Let’s make Dean in gym shorts the most reblogged picture on Tumblr.

timelordinadevilstrap:

awkward-fallen-angel:

hiddlesnatural:

fetusmisha:

andromeda-tambourine:

thewinchesterswagger:

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SO CLOSE TO 10 M!

I CAN SMELL IT

well there you go. can we let it die now?

We can never let it die!

It can’t die, this must be forever

(Source: mspandrew)

addelburgh:

incognito

addelburgh:

incognito

(Source: milafranco)

Posted 1 hour ago with 82,050 notes

(Source: gifboss)

Posted 1 hour ago with 89,818 notes
Popular Pups

onceuponaregalduckling:

theblogforadog:

Here are some picture of what some of the most popular dog breeds look like as puppies. 

Australian Shepherd

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Beagle

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Boston Terrier

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Chihuahua

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Cocker Spaniel

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Dachshund

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French Bulldog

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German Shepherd

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Golden Retriever 

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Siberian Husky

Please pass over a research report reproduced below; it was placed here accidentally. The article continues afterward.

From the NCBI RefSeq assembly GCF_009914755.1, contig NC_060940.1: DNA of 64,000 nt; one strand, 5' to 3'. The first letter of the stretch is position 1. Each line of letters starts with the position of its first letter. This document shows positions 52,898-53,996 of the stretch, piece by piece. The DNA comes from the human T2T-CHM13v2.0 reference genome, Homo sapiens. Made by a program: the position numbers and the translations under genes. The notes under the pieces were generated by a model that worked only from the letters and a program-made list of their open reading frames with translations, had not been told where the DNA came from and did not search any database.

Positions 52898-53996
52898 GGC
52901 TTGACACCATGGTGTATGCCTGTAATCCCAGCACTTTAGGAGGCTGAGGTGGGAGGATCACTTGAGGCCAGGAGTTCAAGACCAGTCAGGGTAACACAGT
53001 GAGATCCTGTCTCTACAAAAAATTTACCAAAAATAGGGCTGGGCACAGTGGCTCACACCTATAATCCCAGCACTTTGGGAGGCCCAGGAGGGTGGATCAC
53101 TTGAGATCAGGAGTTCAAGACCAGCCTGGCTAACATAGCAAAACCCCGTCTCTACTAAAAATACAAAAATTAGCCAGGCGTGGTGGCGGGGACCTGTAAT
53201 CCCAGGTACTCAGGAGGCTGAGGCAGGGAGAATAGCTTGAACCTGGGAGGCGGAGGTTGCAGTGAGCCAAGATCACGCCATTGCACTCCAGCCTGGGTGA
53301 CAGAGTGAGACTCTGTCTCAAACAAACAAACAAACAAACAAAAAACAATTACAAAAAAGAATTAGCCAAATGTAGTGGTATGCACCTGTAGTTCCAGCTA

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Labrador Retriever 

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Pug

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Miniature Schnauzer 

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Sheltie

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Yorkie

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give me them all.

kenzihale:

Sometimes I forget how old Buffy is and then I see a laptop.

image

(Source: BuzzFeed)

(Source: mychestpainwantsacigarette)

wolf-waffles:

Return of the Cool Ghost

wolf-waffles:

Return of the Cool Ghost

Posted 4 hours ago with 322 notes
Anonymous sent: if i could i would kiss you

Why can’t you?? Where is the love??

Posted 4 hours ago

.

pizzangelato:

get turnt

pizzangelato:

get turnt

(Source: hectorsalamanca)

sixpenceee:

As someone who wants to study the human consciousness I found this very interesting.

Scott Routley was a “vegetable”. A car accident seriously injured both sides of his brain, and for 12 years, he was completely unresponsive.

Unable to speak or track people with his eyes, it seemed that Routley was unaware of his surroundings, and doctors assumed he was lost in limbo. They were wrong.

In 2012, Professor Adrian Owen decided to run tests on comatose patients like Scott Routley. Curious if some “vegetables” were actually conscious, Owen put Routley in an fMRI and told him to imagine walking through his home. Suddenly, the brain scan showed activity. Routley not only heard Owen, he was responding.

Next, the two worked out a code. Owen asked a series of “yes or no” questions, and if the answer was “yes,” Routley thought about walking around his house. If the answer was “no,” Routley thought about playing tennis.

These different actions showed activity different parts of the brain. Owen started off with easy questions like, “Is the sky blue?” However, they changed medical science when Owen asked, “Are you in pain?” and Routley answered, “No.” It was the first time a comatose patient with serious brain damage had let doctors know about his condition.

While Scott Routley is still trapped in his body, he finally has a way to reach out to the people around him. This finding has huge implications.

SOURCE

(Source: hillbillygoatherd)